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stampedes. a runaway bestseller. >> getting pushed, tripping and everything. >> reporter: demand for the $180 sneakers prompted broken door hinges in indianapolis, scuffles in seattle. even reported gunfire near san francisco. in atlanta, several arrests. >> sometimes you've just got to give yourself a gift now and then. you know? >> reporter: but this suddenly hot item isn't necessarily a present. by mid afternoon hundreds appeared for sale on ebay. >> yeah, i'll resell it. anybody wants to pay $1,000? >> reporter: with one frenzied shopping day to go, millions of americans motivated by the time crunch are rushing into stores -- stores motivated to clear inventory. >> retailers planned for a promotional holiday season. the weather was warmer than expected. it's causing a few more promotions than originally anticipated. >> reporter: despite record black friday sales of $11.4
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billion and another $26 billion spent last saturday, retailers are still in need of a strong finish. and windows of opportunity are everywhere. 40, 50, 60% off or more. >> we have seen such positivity in shopping that we have decided in the last week to raise our forecast to 3.8% increase over last year. >> reporter: it's not just procrastinators going out at the 11th hour. some are checking their lists twice by making return trips. in new york, shoppers flooded a best buy which announced it won't be able to fill some online orders by christmas. >> i'm trying to trade something in right now, and they are pretty much out of everything. >> reporter: a hectic final push and perhaps a preview of what's to come monday when those after christmas sales begin. late today nike issued a statement asking people to buy these air jordan shoes in a safe manner. some stores are planning to stay open until tomorrow night to lure in as many shoppers and their money as they can.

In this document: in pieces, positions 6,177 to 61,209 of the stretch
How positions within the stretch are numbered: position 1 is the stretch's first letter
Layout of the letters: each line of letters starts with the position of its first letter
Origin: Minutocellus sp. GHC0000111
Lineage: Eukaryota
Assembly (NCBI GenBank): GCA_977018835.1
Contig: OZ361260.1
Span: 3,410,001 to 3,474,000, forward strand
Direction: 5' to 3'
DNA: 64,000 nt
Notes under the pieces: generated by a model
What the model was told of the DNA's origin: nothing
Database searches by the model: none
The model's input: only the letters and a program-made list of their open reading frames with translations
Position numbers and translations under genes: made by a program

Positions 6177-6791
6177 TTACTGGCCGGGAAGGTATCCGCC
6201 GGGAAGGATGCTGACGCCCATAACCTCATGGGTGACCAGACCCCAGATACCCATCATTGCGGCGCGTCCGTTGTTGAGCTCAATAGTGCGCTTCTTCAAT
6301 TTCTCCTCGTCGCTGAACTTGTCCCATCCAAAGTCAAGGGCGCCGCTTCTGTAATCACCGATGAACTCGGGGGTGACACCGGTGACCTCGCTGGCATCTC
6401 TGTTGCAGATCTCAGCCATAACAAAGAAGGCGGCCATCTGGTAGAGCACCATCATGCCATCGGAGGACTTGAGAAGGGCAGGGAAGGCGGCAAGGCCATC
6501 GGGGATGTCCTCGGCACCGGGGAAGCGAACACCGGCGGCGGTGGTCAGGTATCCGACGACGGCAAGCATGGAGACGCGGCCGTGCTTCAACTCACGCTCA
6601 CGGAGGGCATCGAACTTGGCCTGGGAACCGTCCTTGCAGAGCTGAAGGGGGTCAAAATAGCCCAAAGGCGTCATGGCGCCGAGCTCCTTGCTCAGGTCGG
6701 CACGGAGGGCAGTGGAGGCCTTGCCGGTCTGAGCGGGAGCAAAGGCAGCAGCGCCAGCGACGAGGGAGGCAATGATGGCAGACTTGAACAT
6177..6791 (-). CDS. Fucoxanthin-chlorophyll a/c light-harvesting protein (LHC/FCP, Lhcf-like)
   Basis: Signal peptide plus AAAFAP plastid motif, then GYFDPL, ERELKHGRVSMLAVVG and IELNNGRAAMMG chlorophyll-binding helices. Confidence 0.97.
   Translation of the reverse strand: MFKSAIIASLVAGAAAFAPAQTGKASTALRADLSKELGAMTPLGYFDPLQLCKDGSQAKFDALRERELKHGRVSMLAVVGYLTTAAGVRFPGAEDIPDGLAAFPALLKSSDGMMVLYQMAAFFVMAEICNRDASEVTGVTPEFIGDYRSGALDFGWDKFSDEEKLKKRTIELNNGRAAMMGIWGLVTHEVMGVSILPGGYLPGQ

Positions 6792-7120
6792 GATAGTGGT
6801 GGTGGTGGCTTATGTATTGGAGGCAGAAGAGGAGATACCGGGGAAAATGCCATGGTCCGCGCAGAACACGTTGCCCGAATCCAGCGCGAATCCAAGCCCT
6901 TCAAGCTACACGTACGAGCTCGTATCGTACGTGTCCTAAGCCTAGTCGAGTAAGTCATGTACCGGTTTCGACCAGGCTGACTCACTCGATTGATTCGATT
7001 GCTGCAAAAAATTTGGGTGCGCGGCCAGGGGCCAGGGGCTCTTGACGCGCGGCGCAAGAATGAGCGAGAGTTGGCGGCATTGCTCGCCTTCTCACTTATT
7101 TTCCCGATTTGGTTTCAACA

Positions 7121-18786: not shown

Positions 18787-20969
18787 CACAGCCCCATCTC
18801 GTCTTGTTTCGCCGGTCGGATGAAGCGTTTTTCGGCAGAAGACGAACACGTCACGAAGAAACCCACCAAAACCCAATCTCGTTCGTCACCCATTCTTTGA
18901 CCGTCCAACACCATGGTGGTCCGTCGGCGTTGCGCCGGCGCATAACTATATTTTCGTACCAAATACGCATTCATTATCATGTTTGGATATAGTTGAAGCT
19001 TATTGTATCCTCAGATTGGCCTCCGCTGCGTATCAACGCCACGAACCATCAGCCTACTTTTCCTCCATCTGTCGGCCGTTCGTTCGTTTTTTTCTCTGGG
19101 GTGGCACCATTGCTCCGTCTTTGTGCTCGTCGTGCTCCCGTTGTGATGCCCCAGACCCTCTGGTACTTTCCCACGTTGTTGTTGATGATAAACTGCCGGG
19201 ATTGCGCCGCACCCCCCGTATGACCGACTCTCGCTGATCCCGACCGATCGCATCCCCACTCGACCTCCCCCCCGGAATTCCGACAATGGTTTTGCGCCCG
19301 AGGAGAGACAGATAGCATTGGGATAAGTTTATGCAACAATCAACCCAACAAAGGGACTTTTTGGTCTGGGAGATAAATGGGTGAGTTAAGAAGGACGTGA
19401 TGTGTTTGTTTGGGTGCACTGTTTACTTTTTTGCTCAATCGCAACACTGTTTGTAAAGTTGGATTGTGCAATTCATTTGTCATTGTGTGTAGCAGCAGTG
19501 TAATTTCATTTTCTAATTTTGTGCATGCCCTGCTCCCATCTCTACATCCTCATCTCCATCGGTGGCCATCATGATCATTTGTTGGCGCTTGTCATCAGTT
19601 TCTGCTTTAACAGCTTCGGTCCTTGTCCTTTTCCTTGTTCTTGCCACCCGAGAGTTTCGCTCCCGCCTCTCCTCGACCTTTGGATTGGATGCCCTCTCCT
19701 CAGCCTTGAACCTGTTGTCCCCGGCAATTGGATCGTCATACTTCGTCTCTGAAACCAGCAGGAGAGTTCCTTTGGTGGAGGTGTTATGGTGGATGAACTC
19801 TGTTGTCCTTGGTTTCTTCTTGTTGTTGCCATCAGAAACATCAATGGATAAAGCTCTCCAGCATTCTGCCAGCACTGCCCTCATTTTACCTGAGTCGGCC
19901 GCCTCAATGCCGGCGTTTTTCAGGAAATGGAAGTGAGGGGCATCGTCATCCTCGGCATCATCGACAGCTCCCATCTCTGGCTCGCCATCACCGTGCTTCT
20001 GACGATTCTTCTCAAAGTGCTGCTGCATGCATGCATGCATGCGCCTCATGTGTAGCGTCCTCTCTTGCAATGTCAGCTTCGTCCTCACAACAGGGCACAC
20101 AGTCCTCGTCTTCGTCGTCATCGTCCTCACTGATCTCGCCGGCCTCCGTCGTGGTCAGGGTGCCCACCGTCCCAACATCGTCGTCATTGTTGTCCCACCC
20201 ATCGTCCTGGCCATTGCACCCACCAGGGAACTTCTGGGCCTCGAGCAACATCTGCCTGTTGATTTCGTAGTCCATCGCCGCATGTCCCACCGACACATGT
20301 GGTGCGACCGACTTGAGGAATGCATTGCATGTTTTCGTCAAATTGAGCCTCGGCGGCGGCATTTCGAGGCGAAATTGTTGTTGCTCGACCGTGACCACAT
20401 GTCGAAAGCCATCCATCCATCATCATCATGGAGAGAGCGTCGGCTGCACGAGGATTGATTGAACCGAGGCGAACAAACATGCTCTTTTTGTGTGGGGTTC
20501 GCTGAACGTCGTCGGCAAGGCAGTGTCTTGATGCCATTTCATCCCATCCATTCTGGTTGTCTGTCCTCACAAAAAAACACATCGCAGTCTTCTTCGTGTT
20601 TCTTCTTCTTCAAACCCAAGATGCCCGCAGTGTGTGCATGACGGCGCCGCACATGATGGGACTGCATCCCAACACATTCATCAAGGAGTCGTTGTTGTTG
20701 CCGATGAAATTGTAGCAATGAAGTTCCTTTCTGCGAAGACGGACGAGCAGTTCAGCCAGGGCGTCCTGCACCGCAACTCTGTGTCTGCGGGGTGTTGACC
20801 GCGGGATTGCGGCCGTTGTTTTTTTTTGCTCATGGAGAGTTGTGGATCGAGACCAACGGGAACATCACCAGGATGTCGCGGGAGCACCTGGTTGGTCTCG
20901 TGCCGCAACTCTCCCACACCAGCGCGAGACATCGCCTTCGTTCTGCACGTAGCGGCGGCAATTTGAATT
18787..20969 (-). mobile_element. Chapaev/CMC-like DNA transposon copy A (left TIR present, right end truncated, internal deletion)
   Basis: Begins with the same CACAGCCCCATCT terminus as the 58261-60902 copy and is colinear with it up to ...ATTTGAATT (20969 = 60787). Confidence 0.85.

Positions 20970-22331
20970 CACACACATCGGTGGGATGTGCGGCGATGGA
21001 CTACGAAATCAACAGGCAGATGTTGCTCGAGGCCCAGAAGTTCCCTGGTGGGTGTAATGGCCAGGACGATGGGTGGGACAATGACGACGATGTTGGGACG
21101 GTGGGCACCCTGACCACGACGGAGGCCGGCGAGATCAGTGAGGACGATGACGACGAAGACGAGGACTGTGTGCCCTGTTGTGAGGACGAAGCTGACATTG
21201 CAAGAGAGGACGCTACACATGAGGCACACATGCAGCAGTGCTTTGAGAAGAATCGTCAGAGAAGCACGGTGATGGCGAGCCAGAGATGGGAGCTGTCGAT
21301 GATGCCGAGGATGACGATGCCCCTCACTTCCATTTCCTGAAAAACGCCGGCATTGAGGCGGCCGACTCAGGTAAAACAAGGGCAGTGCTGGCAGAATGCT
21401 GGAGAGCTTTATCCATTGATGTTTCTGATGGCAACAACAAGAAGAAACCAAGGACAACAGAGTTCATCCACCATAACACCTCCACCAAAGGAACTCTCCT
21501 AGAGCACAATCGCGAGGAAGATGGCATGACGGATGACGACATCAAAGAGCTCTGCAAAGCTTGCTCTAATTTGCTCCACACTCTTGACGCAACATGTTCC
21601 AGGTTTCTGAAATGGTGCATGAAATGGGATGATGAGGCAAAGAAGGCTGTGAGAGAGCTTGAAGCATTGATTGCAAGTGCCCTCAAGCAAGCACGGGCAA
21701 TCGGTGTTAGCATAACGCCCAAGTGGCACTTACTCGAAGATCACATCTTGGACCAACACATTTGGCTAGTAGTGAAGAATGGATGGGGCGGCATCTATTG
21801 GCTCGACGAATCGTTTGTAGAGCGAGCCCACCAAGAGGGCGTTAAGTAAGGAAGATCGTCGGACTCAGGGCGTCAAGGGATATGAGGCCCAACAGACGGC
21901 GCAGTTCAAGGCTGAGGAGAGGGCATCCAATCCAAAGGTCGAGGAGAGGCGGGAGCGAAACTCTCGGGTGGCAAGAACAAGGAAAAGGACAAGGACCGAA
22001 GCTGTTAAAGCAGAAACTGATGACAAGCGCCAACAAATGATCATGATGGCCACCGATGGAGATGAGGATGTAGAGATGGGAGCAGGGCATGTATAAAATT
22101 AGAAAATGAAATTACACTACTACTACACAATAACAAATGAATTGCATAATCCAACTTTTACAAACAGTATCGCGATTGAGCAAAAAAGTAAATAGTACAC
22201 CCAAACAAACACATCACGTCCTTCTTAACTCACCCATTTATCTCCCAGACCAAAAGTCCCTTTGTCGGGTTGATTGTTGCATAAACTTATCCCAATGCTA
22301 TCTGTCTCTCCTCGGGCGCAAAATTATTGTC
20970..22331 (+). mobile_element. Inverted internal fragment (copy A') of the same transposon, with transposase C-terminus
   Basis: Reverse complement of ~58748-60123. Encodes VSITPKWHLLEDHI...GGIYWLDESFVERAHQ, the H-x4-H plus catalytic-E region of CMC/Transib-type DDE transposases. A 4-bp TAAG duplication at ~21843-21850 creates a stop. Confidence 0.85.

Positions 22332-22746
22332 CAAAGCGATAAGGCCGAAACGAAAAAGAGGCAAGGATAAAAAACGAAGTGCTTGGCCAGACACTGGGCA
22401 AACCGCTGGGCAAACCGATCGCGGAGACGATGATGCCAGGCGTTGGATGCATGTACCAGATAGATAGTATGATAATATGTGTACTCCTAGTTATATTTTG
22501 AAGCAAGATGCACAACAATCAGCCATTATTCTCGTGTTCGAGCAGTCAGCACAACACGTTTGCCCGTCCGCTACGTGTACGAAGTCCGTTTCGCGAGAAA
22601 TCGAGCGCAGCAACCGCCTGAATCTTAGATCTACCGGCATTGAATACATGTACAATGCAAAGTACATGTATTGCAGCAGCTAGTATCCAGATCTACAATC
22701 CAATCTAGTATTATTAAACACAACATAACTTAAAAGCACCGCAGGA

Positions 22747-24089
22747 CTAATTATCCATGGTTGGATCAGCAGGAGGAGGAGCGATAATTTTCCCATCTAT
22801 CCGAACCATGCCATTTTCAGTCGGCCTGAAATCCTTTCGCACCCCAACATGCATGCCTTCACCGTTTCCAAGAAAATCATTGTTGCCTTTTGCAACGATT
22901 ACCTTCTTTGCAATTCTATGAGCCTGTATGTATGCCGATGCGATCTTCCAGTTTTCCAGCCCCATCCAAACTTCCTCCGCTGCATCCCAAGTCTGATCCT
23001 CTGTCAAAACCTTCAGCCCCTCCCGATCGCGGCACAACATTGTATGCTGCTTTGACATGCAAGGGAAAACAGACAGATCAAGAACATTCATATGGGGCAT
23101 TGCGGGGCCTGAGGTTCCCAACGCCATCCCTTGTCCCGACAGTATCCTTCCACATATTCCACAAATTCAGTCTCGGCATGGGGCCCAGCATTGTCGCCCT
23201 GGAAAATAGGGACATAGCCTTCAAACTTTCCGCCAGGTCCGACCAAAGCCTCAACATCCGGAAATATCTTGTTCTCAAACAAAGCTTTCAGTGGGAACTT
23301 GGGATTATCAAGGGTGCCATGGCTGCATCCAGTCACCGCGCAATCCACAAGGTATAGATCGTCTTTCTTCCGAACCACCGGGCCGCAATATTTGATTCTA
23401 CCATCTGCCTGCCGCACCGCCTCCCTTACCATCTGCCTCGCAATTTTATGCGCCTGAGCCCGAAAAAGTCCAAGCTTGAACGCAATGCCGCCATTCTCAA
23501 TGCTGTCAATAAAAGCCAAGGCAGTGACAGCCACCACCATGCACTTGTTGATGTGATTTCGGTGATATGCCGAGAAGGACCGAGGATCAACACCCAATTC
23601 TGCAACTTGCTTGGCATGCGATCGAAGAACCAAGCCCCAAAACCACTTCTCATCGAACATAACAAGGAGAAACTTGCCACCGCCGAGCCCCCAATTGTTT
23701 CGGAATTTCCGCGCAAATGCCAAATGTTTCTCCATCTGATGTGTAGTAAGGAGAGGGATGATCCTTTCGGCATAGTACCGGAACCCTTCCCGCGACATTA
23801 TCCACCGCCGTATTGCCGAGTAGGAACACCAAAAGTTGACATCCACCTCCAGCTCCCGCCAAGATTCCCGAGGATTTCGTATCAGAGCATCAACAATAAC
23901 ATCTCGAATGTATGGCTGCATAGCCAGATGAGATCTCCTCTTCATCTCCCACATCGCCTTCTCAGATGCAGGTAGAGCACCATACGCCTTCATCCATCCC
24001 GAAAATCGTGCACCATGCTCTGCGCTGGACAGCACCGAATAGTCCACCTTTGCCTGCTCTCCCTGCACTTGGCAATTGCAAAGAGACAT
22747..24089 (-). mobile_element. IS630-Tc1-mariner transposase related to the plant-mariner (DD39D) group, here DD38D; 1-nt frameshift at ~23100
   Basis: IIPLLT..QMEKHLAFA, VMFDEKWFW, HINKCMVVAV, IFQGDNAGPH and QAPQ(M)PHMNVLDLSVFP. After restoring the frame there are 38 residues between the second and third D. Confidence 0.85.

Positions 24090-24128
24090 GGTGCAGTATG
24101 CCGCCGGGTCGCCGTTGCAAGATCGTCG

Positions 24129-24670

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kate? >> ron mott in new york tonight. thank you, ron. good news for 160 million americans facing a potential tax hike come the new year. tonight, the two-month extension of the payroll tax cut is a done deal. the house and senate approved the legislation this morning by unanimous consent and the president signed it into law shortly after that. the measure extends unemployment benefits for jobless workers. the agreement between democrats and republicans comes, of course, after weeks of partisan deadlock in washington. >> it's about you. it's about your lives. it's about your families. you didn't send us to this town to play partisan games and to see who's up and who's down. you sent us here to serve and make your lives a little bit better, to do what's right. and fortunately that's how this week ended. >> from washington to wall street. you could almost hear the sigh